US, EU and Russia: A new order?

US, EU and Russia: A new order?

Bulletin article
01 October 2001

In the aftermath of September 11th's horrific events, the world has focused on America's diplomatic and military response. Some of the security issues that commentators were worrying about before the terrorist attacks - such as missile defence, the Balkans and the future of NATO - have left the headlines. However, they will soon be back on the agenda, although seen in a different light.

The coming months are likely to see a rapprochement between the US and Russia. They have a common interest in combating the terrorist networks of Islamic fundamentalists. Russia can give the US a great deal of help by sharing intelligence on terrorist groups. It could also prod its allies in Central Asia to give logistical help to US-led military actions. And Russia could try to persuade China - which has its own reasons for disliking Islamic fundamentalists - to support the US in the United Nations.

A warmer US relationship with Russia, and perhaps China, would take the sting out of disputes on missile defence and NATO enlargement. Despite the fact that missile defence systems would not have helped against the kinds of attack just suffered by the US, the current climate of vulnerability means that there is little opposition to President Bush's plans for missile defence.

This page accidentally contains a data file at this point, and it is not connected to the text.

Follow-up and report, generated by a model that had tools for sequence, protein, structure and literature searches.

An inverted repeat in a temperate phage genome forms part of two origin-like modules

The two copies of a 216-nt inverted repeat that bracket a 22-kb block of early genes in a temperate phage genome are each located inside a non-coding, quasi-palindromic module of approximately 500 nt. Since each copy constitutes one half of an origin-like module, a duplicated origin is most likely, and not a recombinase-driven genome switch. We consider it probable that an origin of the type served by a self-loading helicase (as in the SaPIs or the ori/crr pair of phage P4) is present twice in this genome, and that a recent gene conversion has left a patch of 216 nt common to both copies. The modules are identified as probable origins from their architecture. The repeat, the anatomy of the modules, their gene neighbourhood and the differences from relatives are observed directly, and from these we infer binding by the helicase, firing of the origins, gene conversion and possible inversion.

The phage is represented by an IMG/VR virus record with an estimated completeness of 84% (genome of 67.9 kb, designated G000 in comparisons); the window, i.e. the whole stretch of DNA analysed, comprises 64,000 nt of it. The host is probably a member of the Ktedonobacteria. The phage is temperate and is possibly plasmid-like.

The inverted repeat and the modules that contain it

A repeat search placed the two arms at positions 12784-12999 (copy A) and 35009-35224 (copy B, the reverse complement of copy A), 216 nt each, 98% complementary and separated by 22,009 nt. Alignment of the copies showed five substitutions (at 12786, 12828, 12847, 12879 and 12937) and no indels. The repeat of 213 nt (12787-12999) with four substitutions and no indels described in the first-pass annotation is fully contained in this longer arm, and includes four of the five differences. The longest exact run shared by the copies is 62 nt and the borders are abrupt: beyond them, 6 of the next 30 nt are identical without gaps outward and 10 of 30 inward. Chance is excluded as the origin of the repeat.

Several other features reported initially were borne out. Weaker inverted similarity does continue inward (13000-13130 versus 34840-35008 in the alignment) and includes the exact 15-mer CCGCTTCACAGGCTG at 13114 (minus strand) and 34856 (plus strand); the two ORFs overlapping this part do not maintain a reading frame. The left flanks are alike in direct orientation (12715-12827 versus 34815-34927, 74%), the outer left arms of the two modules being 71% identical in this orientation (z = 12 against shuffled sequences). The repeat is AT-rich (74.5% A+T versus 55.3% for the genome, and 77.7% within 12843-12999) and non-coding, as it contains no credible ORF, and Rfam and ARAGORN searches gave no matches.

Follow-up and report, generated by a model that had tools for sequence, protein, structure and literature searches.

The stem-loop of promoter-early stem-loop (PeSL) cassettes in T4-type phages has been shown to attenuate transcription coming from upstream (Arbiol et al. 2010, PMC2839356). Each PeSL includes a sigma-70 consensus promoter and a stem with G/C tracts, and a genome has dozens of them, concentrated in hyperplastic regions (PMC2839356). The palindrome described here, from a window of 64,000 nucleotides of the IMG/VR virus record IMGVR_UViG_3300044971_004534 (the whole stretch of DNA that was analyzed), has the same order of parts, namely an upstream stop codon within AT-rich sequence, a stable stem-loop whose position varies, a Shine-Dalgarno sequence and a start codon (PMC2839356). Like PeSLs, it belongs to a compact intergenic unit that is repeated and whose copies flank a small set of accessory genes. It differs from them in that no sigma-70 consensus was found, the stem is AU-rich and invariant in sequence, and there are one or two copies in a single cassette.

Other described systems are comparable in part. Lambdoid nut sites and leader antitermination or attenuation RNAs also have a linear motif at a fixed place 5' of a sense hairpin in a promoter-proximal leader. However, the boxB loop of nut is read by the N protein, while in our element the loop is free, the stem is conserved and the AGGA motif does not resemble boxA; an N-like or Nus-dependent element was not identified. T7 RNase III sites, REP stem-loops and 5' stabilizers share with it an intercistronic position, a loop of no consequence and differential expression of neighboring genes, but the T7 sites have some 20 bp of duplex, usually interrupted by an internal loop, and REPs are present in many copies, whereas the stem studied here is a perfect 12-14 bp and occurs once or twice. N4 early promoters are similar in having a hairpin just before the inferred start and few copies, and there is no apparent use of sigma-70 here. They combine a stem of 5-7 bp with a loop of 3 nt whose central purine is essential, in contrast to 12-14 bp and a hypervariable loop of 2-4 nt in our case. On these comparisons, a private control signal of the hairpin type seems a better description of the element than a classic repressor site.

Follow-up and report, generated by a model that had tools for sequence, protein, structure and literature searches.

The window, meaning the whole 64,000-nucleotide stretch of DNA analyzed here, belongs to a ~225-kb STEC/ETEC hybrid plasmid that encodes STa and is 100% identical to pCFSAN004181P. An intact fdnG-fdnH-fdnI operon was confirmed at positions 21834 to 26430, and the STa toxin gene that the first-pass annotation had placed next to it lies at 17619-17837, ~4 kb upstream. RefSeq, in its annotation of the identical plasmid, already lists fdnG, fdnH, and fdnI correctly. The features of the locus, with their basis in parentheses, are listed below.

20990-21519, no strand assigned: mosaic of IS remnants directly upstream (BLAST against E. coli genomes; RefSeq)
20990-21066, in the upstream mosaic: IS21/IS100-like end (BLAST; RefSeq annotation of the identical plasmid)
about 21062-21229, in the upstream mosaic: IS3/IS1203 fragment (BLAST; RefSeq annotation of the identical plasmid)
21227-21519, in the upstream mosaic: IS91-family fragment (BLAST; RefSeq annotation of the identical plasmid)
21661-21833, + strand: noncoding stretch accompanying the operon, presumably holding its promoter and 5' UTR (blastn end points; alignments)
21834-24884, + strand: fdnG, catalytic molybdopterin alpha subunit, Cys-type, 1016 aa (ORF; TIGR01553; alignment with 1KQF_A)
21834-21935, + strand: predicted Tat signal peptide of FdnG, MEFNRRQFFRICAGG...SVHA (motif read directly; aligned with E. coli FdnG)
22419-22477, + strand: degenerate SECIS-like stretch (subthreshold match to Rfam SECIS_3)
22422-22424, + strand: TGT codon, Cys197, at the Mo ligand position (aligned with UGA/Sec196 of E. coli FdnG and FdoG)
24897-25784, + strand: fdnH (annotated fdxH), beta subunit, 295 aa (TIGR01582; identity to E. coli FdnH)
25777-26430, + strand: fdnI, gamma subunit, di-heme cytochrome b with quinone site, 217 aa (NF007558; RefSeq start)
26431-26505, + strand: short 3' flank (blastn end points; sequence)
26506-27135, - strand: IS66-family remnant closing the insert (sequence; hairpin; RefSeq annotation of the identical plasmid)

However, before September 11th the administration was split on this issue: one camp was determined to scrap the Anti-Ballistic Missile Treaty (which binds the US and Russia to limit their missile defences), whatever the Russian or European objections, and to build sophisticated systems that would include space-based interceptors; the other favoured less expensive systems and hoped to persuade the Russians to accept a new set of rules on missile defence. In the long run, the latter camp may have the edge, especially since the Democrat-controlled Senate, which oversees the defence budget, may argue that other forms of homeland defence deserve billions of extra dollars.